Урок - Template Parser Class

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The Template Parser Class enables you to parse pseudo-variables contained within your view files. It can parse simple variables or variable tag pairs. If you've never used a template engine, pseudo-variables look like this:

<html>
<head>
<title>{blog_title}</title>
</head>
<body>

<h3>{blog_heading}</h3>

{blog_entries}
<h5>{title}</h5>
<p>{body}</p>
{/blog_entries}
</body>
</html>

These variables are not actual PHP variables, but rather plain text representations that allow you to eliminate PHP from your templates (view files).

 

Note: CodeIgniter does not require you to use this class since using pure PHP in your view pages lets them run a little faster. However, some developers prefer to use a template engine if they work with designers who they feel would find some confusion working with PHP.

 

Also Note: The Template Parser Class is not a full-blown template parsing solution. We've kept it very lean on purpose in order to maintain maximum performance.

 

Initializing the Class

 

Like most other classes in CodeIgniter, the Parser class is initialized in your controller using the $this->load->library function:

$this->load->library('parser');

Once loaded, the Parser library object will be available using: $this->parser

 

The following functions are available in this library:

 

$this->parser->parse()

 

This method accepts a template name and data array as input, and it generates a parsed version. Example:

$this->load->library('parser');

$data = array(
            'blog_title' => 'My Blog Title',
            'blog_heading' => 'My Blog Heading'
            );

$this->parser->parse('blog_template', $data);

The first parameter contains the name of the view file (in this example the file would be called blog_template.php), and the second parameter contains an associative array of data to be replaced in the template. In the above example, the template would contain two variables: {blog_title} and {blog_heading}

 

There is no need to "echo" or do something with the data returned by $this->parser->parse(). It is automatically passed to the output class to be sent to the browser. However, if you do want the data returned instead of sent to the output class you can pass TRUE (boolean) to the third parameter:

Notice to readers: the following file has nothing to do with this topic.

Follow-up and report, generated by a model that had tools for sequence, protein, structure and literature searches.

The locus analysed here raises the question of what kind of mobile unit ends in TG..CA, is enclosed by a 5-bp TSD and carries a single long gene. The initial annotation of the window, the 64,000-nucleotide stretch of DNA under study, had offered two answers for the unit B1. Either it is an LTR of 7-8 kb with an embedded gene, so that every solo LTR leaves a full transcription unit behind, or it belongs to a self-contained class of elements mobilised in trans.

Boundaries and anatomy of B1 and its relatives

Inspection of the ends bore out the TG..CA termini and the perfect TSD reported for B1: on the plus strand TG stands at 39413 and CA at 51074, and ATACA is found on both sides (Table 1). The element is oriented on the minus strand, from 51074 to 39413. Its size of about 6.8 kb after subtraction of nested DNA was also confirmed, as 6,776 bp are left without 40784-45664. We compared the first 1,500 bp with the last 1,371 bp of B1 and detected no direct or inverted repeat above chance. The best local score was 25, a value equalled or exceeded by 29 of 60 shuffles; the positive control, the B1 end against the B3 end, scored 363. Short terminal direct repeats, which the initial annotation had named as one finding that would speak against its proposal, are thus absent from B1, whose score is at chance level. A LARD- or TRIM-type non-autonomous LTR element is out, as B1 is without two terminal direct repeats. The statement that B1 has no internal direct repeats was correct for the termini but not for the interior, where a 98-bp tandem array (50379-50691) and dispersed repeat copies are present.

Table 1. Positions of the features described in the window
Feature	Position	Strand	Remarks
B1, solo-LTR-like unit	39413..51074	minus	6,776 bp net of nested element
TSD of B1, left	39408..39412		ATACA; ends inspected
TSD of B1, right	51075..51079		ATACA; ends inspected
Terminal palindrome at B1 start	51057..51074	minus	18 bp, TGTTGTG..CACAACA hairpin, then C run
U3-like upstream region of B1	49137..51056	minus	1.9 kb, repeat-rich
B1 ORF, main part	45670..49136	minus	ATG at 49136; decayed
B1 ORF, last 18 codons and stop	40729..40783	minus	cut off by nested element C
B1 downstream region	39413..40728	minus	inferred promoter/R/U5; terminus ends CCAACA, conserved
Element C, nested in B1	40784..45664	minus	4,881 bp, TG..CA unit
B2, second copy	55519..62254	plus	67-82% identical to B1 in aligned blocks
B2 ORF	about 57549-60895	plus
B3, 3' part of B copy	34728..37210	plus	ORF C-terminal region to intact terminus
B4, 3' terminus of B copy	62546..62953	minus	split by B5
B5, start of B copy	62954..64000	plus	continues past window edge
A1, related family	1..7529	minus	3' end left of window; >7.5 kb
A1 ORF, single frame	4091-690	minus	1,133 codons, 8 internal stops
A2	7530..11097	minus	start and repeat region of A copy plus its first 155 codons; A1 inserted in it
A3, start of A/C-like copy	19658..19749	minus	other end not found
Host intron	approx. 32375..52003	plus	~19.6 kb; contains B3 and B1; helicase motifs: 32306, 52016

$string = $this->parser->parse('blog_template', $data, TRUE);

$this->parser->parse_string()

 

This method works exactly like parse(), only accepts a string as the first parameter in place of a view file.

 

Variable Pairs

 

The above example code allows simple variables to be replaced. What if you would like an entire block of variables to be repeated, with each iteration containing new values? Consider the template example we showed at the top of the page:

<html>
<head>
<title>{blog_title}</title>
</head>
<body>

<h3>{blog_heading}</h3>

{blog_entries}
<h5>{title}</h5>
<p>{body}</p>
{/blog_entries}
</body>
</html>

In the above code you'll notice a pair of variables: {blog_entries} data... {/blog_entries}. In a case like this, the entire chunk of data between these pairs would be repeated multiple times, corresponding to the number of rows in a result.

 

Parsing variable pairs is done using the identical code shown above to parse single variables, except, you will add a multi-dimensional array corresponding to your variable pair data. Consider this example:

$this->load->library('parser');

$data = array(
              'blog_title'   => 'My Blog Title',
              'blog_heading' => 'My Blog Heading',
              'blog_entries' => array(
                                      array('title' => 'Title 1', 'body' => 'Body 1'),
                                      array('title' => 'Title 2', 'body' => 'Body 2'),
                                      array('title' => 'Title 3', 'body' => 'Body 3'),
                                      array('title' => 'Title 4', 'body' => 'Body 4'),
                                      array('title' => 'Title 5', 'body' => 'Body 5')
                                      )
            );

$this->parser->parse('blog_template', $data);

If your "pair" data is coming from a database result, which is already a multi-dimensional array, you can simply use the database result_array() function:

$query = $this->db->query("SELECT * FROM blog");

$this->load->library('parser');

$data = array(
              'blog_title'   => 'My Blog Title',
              'blog_heading' => 'My Blog Heading',
              'blog_entries' => $query->result_array()
            );

$this->parser->parse('blog_template', $data);